Home Arts & Leisure Callboys, masks, and beauty queens: Cinemalaya’s shorts run the gamut
Callboys, masks, and beauty queens: Cinemalaya’s shorts run the gamut
WHILE Cinemalaya sticks to streaming for its 17th edition, it is still taking aggressive thrusts behind the scenes to continue to nurture independent films.
In an online press conference via Zoom earlier this month, National Commission of Culture and the Arts (NCCA) Arsenio Nick Lizaso said, “I am still impressed and proud of what this year’s indie filmmakers of the short feature have achieved.” This is in light of the health protocols taken on sets as well as the general difficulties of shooting during the lockdowns. Cultural Center of the Philippines (CCP) Artistic Director Chris MiIlado agreed, saying, “One very significant thing about these entries is that they were created; produced in the very challenging lockdown period.”
All of the entries are shorts, with director and Cinemalaya Foundation, Inc. President Laurice Guillen saying, “The shorts take the limelight as the full-length filmmakers are given more time to continue filming their entries during these challenging times.” A return to judging full-length features is hoped for next year in 2022, “When we hope to hold the festival live once again,” she said.
The festival will run from Aug. 6 to Sept. 5 via streaming platform KTX.ph, and announcements and some activities will be held via Facebook and the CCP’s Vimeo page. Mr. Millado reports that last year, they exceeded their target of P2 million thanks to streaming, having sold 8,427 units online.
OF CALLBOYS AND MASKS
The short films competing for the Balanghai trophies this year are: An Sadit Na Planeta (The Little Planet) by Arjanmar H. Rebeta; Ang Mga Nawalang Pag-asa At Panlasa (The Lost Hopes And Flavors) by Kevin Jay Ayson; Ang Pagdadalaga Ni Lola Mayumi by Shiri De Leon; Ate O.G. by Kevin Mayuga; Beauty Queen by Myra Aquino; Crossing by Marc Misa; Kawatan Sa Salog (A Toy In The River) by Alphie Velasco; Kids On Fire by Kyle Nieva; Looking For Rafflesias and Other Fleeting Things by James Fajardo; Maski Papano (I Mask Go On) by Che Tagyamon And Glenn Barit; Namnama En Lolang (Grandmother’s Hope) by Jonnie Lyn P. Dasalla; Out Of Body by Enrico Po; and The Dust In Your Place by David Olson.
An Sadit na Planeta follows the adventure of a young man as he explores a little planet. Ang Mga Nawalang Pag-Asa at Panlasa, meanwhile, is a documentary on the quest of finding “pagkaing Iloco” (Ilocano food) in the midst of a pandemic. In Ang Pagdadalaga Ni Lola Mayumi, a virginal old woman hires a callboy to change her perspective about men. Ate O.G. tells about a struggling, aging house helper who finds herself going through an unexpected and uplifting experience. A young woman struggles to find herself after losing her father during World War II in Beauty Queen. On the other hand, a desperate robber is forced to choose whether he should become a hero to his victims or fall victim to a robbery himself in Crossing. Kawatan sa Ilog is about a mischievous child who learns the value of time and life as he finds his way back home to his father. Kids on Fire tells of a prepubescent boy who discovers the power of his sexuality during a religious camp. Looking For Rafflesias and Other Fleeting Things narrates how a tikbalang (a Philippine mythical monster) transforms into a teenage boy to disprove the rumor that horse demons are killing civilians in the mountain. A disposed facemask turns into a humanoid and starts an adventure looking for its previous owner in Maski Papano, while a grandmother and her baby grandson find solace in each other and face the harsh reality of the pandemic together in Namnama En Lolang. Out Of Body takes the audience to a macabre commercial shoot with a young model. Meanwhile, careers and friendships are on the line when a comic strip artist tells her writer the truths about his relationships in The Dust In Your Place.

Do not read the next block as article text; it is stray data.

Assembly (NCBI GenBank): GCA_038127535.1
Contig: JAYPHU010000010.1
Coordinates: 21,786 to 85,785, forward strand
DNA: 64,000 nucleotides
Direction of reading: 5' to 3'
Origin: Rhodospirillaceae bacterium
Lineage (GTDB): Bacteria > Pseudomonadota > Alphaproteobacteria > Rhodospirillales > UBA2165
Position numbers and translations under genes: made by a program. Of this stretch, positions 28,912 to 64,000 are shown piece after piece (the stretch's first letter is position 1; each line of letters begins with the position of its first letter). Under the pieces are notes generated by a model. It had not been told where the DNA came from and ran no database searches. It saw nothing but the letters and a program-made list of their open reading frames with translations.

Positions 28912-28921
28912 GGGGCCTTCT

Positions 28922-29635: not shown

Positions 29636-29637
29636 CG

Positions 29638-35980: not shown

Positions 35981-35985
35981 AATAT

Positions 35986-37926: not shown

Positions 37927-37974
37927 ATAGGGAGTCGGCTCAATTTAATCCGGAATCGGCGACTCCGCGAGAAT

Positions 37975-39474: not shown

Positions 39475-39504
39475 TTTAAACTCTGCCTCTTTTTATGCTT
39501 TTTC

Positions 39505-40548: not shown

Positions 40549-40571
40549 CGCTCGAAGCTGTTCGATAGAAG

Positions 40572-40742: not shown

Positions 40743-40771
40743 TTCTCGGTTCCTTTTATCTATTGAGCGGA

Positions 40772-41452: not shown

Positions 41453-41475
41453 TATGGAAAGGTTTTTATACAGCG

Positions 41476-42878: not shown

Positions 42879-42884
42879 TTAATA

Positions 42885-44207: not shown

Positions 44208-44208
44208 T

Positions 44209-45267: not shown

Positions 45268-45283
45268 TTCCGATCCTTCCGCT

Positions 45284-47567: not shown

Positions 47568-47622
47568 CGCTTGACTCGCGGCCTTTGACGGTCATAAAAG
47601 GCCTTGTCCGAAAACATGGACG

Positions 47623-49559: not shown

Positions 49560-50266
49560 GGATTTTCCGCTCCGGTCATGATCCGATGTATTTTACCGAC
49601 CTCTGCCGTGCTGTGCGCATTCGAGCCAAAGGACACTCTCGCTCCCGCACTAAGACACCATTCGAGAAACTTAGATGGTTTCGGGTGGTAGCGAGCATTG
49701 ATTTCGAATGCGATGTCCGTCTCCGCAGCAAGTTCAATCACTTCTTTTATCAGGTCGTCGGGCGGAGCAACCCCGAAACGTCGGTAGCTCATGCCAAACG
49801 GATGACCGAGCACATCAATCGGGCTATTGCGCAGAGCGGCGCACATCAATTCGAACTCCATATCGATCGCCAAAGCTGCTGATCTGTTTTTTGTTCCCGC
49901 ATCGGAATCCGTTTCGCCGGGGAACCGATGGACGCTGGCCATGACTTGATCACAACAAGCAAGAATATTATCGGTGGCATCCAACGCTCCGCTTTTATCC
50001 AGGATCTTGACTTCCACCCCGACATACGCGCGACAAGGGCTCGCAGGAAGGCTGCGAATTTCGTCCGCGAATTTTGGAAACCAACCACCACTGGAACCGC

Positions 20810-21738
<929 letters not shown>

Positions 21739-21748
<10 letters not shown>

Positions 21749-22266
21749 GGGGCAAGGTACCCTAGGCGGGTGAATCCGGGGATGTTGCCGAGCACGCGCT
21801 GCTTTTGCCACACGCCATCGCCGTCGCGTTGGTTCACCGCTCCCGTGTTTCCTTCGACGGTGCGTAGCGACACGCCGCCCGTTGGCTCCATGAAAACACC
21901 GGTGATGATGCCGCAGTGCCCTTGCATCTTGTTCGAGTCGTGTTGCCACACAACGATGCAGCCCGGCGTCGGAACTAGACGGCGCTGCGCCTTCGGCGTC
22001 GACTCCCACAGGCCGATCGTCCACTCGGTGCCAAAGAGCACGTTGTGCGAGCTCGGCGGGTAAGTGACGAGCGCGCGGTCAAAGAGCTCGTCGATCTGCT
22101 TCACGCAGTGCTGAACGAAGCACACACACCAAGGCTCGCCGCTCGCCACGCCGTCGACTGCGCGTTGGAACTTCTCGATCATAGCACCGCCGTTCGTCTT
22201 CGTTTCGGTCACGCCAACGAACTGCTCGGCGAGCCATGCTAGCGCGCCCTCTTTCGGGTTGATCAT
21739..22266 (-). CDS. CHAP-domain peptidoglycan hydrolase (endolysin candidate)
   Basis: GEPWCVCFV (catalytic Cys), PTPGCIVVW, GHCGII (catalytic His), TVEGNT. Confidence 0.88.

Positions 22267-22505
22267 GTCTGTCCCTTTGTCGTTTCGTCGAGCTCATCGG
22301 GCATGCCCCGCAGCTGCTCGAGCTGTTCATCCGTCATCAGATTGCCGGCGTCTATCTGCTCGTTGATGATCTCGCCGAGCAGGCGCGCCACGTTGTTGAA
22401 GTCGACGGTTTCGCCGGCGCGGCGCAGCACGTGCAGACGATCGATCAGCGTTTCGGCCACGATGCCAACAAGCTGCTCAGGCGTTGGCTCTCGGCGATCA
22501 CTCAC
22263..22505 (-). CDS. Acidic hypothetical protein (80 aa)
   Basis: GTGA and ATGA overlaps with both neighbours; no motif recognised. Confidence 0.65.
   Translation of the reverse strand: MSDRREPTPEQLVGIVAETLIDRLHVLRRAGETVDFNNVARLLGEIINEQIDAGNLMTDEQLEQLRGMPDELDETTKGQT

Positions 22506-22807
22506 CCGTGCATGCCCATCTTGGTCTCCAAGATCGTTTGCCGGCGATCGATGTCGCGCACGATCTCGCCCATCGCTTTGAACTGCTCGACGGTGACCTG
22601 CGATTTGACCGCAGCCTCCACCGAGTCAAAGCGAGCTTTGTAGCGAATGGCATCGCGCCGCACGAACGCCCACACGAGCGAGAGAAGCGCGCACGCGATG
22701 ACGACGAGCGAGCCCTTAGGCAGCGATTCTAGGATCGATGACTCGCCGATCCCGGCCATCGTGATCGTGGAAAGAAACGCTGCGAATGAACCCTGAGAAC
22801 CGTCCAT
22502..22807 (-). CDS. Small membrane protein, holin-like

Meanwhile, Mr. Millado outlined other components which will take place during the festival: there’s “Visions of Asia,” showing films from India, Iraq, Japan, and Kazakhstan; “Dokyu” (showing documentaries), “Indie Nation,” “Gawad Alternatibo,” as well as a tribute to director Mel Chionglo, former head of the Cinemalaya Competition and Monitoring Committee with the screenings of three of his films. The CCP also plans to have a hybrid drive-in cinema, dubbed “Cinema Under the Stars,” where audiences can watch a film in the hybrid drive-in cinema at the CCP’s Liwasang Ullalim. A statement reads: “The first audience-centered on-site event since the lockdown, the hybrid outdoor cinema welcomes everyone, whether they are riding their cars or bikes, or even just walking and jogging.”
NEW CINEMALAYA PROGRAMS
On another note, Ms. Guillen also announced the development of new programs under the Cinemalaya foundation, which will all be launched this year.
There’s the Film Lab, where experts and film practitioners can guide young filmmakers “towards Cinemalaya’s new vision.” There’s also an Intensive Scriptwriting Workshop with veteran writer Ricky Lee, a Production Management Workshop with John Paul Su, Writing the Continuing Narrative for Broadcast and Web-based Platforms with veteran director Jose Javier Reyes, and an Assistant Directors’ Workshop with Jay Abello. “We believe and sincerely hope that they will be of significant help when our new filmmakers begin to film in the new normal,” said Ms. Guillen. — JL Garcia